Books. Bikes. Boomsticks.
"Hige sceal þe heardra, heorte þe cenre, mod sceal þe mare, þe ure mægen lytlað…"
Bless you, lady, for posting that.
I have my father's carbine from D-Day. My step-father flew in a B-24--the "Texas Rattler"--from Henderson Field on Guadalcanal. I saw Manila in 1949 and had cousins who'd been interned in Santo Tomas. Korea in 1954/55; a good friend had never got feet-dry in the Inchon landing. My son did Desert Shield/Desert Storm.Remember? How do I forget?
So simple yet powerful reminder.Thank you all who served.
The things they Carried.... They carried P-38 can openers and heat tabs,watches and dog tags,insect repellent, gum, cigarettes, Zippo lighters, salt tablets, compress bandages, ponchos, Kool-Aid, two or three canteens of water, iodine tablets,sterno, LRRP- rations, and C-rations stuffed in socks. They carried standard fatigues, jungle boots, bush hats, flak jackets and steel pots. They carried the M-16 assault rifle. They carried trip flares and Claymore mines, M-60 machine guns, the M-70 grenade launcher, M-14's, CAR-15's, Stoners, Swedish K's, 66mm Laws, shotguns, .45 caliber pistols, silencers, the sound of bullets, rockets, and choppers, and sometimes the sound of silence.They carried C-4 plastic explosives, an assortment of hand grenades, PRC-25 radios, knives and machetes. Some carried napalm, CBU's and largebombs; some risked their lives to rescue others. Some escaped the fear, but dealt with the death and damage. Some made very hard decisions, and some just tried to survive. They carried malaria, dysentery, ringworm, jungle rot and leaches. They carried the land itself as it hardened on their boots. They carried stationery, pencils, and pictures of their loved ones - real and imagined. They carried love for people in the real world and love for one another. And sometimes they disguised that love: "Don't mean nothin'! "They carried memories. For the most part, they carried themselves with poise and a kind of dignity. Now and then, there were times when panic set in, and people squealed or wanted to, but couldn't; when they twitched and made moaning sounds and covered their heads and said "Dear God" and hugged the earth and fired their weapons blindly and cringed and begged for the noise to stop and went wild and made stupid promises to themselves and God and their parents, hoping not to die.They carried the traditions of the United States Military, and memories and images of those who served before them. They carried grief, terror, longing and their reputations. They carried the soldier's greatest fear: the embarrassment of dishonor. They crawled into tunnels, walked point, and advanced under fire, so as not to die of embarrassment. They were afraid of dying, but too afraid to show it.They carried the emotional baggage of men and women who might die at any moment.They carried the weight of the world. THEY CARRIED EACH OTHER. Remember them this Memorial Day.(I believe the author is Tim O'brien).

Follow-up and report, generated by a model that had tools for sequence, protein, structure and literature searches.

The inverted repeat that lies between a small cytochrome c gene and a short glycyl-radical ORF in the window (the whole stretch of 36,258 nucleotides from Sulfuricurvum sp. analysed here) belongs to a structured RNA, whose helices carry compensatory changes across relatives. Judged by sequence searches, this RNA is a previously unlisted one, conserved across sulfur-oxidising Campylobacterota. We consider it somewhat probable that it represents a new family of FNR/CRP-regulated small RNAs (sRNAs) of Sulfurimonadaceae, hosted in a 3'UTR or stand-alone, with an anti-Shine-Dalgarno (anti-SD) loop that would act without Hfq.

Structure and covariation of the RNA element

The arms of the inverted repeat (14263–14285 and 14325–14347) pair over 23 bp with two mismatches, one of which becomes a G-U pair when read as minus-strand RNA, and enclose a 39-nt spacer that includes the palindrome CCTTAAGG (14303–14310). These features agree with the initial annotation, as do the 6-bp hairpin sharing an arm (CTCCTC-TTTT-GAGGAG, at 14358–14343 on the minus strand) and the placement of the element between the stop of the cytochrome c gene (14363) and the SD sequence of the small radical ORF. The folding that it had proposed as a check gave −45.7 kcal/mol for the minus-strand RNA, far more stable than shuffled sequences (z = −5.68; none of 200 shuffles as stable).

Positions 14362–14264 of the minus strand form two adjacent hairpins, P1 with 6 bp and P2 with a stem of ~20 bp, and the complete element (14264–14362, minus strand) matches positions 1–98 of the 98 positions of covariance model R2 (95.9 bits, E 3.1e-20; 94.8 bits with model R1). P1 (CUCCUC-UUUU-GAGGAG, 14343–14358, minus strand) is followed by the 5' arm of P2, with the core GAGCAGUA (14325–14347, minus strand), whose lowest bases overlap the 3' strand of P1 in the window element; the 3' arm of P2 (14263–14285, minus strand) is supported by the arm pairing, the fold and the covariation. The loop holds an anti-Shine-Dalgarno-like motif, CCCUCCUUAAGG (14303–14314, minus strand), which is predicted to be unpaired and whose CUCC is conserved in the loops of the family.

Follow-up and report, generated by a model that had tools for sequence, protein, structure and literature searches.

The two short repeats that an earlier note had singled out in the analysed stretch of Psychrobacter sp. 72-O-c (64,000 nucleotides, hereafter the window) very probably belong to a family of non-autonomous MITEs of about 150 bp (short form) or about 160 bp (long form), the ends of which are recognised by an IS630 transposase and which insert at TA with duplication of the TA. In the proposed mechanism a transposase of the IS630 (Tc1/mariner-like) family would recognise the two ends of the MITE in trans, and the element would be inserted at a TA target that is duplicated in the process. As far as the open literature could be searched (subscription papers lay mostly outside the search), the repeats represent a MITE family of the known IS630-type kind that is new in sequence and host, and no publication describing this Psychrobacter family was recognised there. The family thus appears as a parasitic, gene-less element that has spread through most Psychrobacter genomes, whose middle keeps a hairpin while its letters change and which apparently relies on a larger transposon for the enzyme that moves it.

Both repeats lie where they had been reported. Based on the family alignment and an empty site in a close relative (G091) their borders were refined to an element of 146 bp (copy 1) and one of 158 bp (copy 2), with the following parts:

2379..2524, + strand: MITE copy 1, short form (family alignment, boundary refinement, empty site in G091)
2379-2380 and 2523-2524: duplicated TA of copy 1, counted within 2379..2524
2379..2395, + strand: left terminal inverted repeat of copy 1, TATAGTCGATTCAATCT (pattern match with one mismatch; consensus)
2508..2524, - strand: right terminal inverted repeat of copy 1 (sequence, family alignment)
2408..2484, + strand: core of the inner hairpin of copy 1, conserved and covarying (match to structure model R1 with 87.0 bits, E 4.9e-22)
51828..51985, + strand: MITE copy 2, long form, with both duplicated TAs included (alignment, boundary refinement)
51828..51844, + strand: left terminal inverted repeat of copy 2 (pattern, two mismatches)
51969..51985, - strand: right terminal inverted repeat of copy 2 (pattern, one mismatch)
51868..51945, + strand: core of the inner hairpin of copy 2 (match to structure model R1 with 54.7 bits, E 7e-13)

Tam,Thank you for posting a Memorial Day reminder.I just got in from our annual sunrise ceremonies where our post presents flags "on behalf of a grateful nation" to the families of fallen soldiers, sailors and airmen.In scouring a half-dozen or so of my favorite blogs, you are the only one to have posted a Memorial Day message.Thank you.--AOA
I think that we sometimes forget, day to day, that we've got men and women wearing our nation's uniform, deployed abroad to serve us. And we forget those that did, and how much they did.It's hard, sometimes, to remember.
Well said Tam.
Tam,Thank you for the reminder. And RHT447, that was an epic post, thank you as well.Was the photo taken on Lake Lemon just north of B'ton. In. ?? Looks like our park.John
Fort Loudon Lake in Tennessee, actually.
Post a Comment